It’s not exactly the breakfast of champions.
But a buttered bun, slathered with Beamsville farmer Bill Lenko’s apricot jam was one of the most memorable morning meals I’ve had.
Since interviewing one of the fathers of wine grape growing in Niagara last week and sampling the super smooth spread that the 85-year-old makes with fruit from his orchard, his jam has been a craving of mine and my eating it, an homage to a man I can’t help but admire.
The interview was for a profile piece I wrote about Bill, father of Daniel Lenko of the stellar Daniel Lenko Winery, for the upcoming edition of Niagara Magazine. But more than being in the presence of the subject of a story, I was in the presence of greatness.
I first met Bill and his wife Helen five years ago when I was a reporter covering the Cuvee Wine Awards. Lenko walked away with the big award of the night — the Tony Aspler Award of Excellence. The coveted accolades are reserved for winemakers but Bill made history that night, becoming the first grape grower to receive the honour.
A few months later, I was sitting around the family’s kitchen table at their Beamsville farm as they reminisced about their Guernsey cow Bessy, one of several in a line of milkers the family has owned and became known for keeping in their vineyard. They had just sold Bessy, an occasion that marked the end of an era for the Lenko clan. She would be their last cow because Bill had determined he was getting too old to keep up with a bovine.
Then, a few months after that, Bill suffered another loss when his beloved Helen died. I was assigned to write about her and the loss of a woman with a reputation for making pie like no other.
So when I sat across the table from Bill a week ago — the first time in six years — it was like reconnecting with an old friend. One that I can’t help but be awestruck by and feel grateful for our lives intersecting, no matter how brief.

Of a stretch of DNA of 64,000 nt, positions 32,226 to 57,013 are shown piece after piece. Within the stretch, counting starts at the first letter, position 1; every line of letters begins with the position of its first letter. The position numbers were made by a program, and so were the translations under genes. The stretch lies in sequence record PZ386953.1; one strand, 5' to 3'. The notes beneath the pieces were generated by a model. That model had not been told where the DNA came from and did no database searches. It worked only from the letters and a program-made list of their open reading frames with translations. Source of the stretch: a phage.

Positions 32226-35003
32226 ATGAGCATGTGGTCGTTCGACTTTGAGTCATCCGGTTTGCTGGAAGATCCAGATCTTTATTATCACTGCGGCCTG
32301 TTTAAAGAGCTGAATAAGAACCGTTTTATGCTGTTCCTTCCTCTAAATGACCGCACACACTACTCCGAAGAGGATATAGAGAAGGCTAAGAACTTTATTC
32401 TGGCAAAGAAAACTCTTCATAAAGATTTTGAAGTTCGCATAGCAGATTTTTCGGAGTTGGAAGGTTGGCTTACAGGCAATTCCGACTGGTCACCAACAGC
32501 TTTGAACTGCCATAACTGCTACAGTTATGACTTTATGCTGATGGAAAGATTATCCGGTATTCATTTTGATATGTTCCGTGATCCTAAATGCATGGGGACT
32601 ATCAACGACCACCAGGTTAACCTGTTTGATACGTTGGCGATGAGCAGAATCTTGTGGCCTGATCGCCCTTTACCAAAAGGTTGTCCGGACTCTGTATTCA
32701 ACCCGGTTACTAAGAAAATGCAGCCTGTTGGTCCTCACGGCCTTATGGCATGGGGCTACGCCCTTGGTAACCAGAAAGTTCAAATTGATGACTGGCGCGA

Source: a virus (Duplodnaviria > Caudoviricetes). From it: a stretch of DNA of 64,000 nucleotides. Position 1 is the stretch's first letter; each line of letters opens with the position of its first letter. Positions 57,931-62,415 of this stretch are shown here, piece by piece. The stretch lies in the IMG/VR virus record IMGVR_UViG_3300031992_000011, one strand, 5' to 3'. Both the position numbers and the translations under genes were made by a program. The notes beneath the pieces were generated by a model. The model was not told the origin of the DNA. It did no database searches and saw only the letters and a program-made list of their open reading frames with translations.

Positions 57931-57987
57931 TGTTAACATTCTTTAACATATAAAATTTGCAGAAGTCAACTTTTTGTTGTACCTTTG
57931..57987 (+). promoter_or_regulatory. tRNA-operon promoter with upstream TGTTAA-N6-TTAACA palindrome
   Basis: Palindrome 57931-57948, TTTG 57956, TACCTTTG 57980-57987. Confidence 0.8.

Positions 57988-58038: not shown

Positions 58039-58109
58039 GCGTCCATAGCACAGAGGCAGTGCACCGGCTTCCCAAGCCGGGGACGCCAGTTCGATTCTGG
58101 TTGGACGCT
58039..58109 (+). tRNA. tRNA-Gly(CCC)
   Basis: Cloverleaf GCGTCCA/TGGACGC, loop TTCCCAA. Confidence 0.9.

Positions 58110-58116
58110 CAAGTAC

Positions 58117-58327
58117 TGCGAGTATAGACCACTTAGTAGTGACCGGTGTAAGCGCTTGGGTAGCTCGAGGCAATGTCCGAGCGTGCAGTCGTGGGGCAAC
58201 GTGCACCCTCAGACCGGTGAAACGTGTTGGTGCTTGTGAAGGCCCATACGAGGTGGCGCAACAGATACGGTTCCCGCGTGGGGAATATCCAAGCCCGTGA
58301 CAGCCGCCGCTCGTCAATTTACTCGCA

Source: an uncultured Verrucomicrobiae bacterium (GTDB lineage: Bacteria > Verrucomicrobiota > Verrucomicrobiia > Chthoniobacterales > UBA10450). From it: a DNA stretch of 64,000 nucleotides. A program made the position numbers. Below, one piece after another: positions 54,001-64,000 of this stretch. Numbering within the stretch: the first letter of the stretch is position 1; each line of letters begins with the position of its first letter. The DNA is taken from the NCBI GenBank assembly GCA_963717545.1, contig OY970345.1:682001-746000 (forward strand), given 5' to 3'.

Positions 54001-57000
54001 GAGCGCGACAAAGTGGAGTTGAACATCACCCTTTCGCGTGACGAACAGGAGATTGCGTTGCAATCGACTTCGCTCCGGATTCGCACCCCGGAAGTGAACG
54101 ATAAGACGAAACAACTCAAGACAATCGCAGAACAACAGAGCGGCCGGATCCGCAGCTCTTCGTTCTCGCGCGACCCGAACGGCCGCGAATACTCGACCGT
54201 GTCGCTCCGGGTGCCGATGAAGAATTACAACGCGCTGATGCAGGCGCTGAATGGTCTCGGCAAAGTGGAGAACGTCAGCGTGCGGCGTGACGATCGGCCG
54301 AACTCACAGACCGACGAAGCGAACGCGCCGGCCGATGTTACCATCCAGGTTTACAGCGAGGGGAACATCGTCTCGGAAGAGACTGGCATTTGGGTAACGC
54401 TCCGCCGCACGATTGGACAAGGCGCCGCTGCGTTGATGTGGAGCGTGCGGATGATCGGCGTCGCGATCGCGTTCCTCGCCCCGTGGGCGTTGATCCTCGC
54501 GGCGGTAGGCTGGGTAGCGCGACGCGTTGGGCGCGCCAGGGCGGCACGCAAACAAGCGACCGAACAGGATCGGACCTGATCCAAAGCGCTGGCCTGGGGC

He fed me homemade perogies as we chatted about his life, had me sip some of his son’s Viognier, pouring out pride in Daniel’s accomplishments with each drop of wine that spilled from the bottle.
He gave me a glass of his home-pressed apple juice as a chaser. A pragmatic guy, Bill favours apple juice because it can be easily frozen and kept until he’s ready to drink it.But his piece de resistance was the apricot jam he fed me and then sent me away with. It was strikingly smooth because he purees the fruit. Sweet, not from added sugar, but from the fruit itself. He tries to use as little sugar as possible in his drool-inducing burnt orange preserve.
Best. Jam. Ever.
In the story I wrote about his Cuvee award, he teased that when visitors come to Daniel’s winery, they’re really coming for his jam. Considering Lenko’s wines have received countless awards and his 2002 Syrah was named the best Canadian wine in 2007 by renowned wine authority Jancis Robinson, that says something about Bill’s jam.
I couldn’t wait to crack open that jar at home and layer it on a piece of bread I deemed worthy enough to be the vehicle to transport the perfect preserve from jar to mouth.
As I sat with Bill and listened to how he talked about all his handiwork in the kitchen, something he’s only gotten really good at since Helen’s death, I thought of my Oma Mayer, the 98-and-a-half-year-old going concern who I will see in Germany in two days.
Theirs is a generation that lives practically, its pragmatism so seemingly foreign to even the generation that followed them and mostly to my contemporaries. They make their own jam, bake their own cookies — Bill’s are made with walnuts from the tree in his front yard and sweetened with honey from the bee colony he keeps — and pinch their own perogies.
It’s not anything they think is particularly remarkable. They do it because it’s just what they do. Meanwhile, I pickle a jar of beans and think this is some kind of monumental feat.
Monumental is being 85 and wanting to master the art of pie making, like your wife had. It’s still pruning your own orchard. It’s making your own apple juice.
It’s crafting the perfect jar of jam but lamenting that you haven’t quite gotten it right and looking forward to the next crop of apricots — the next opportunity — to try to master it just that once.
Monumental is Bill Lenko.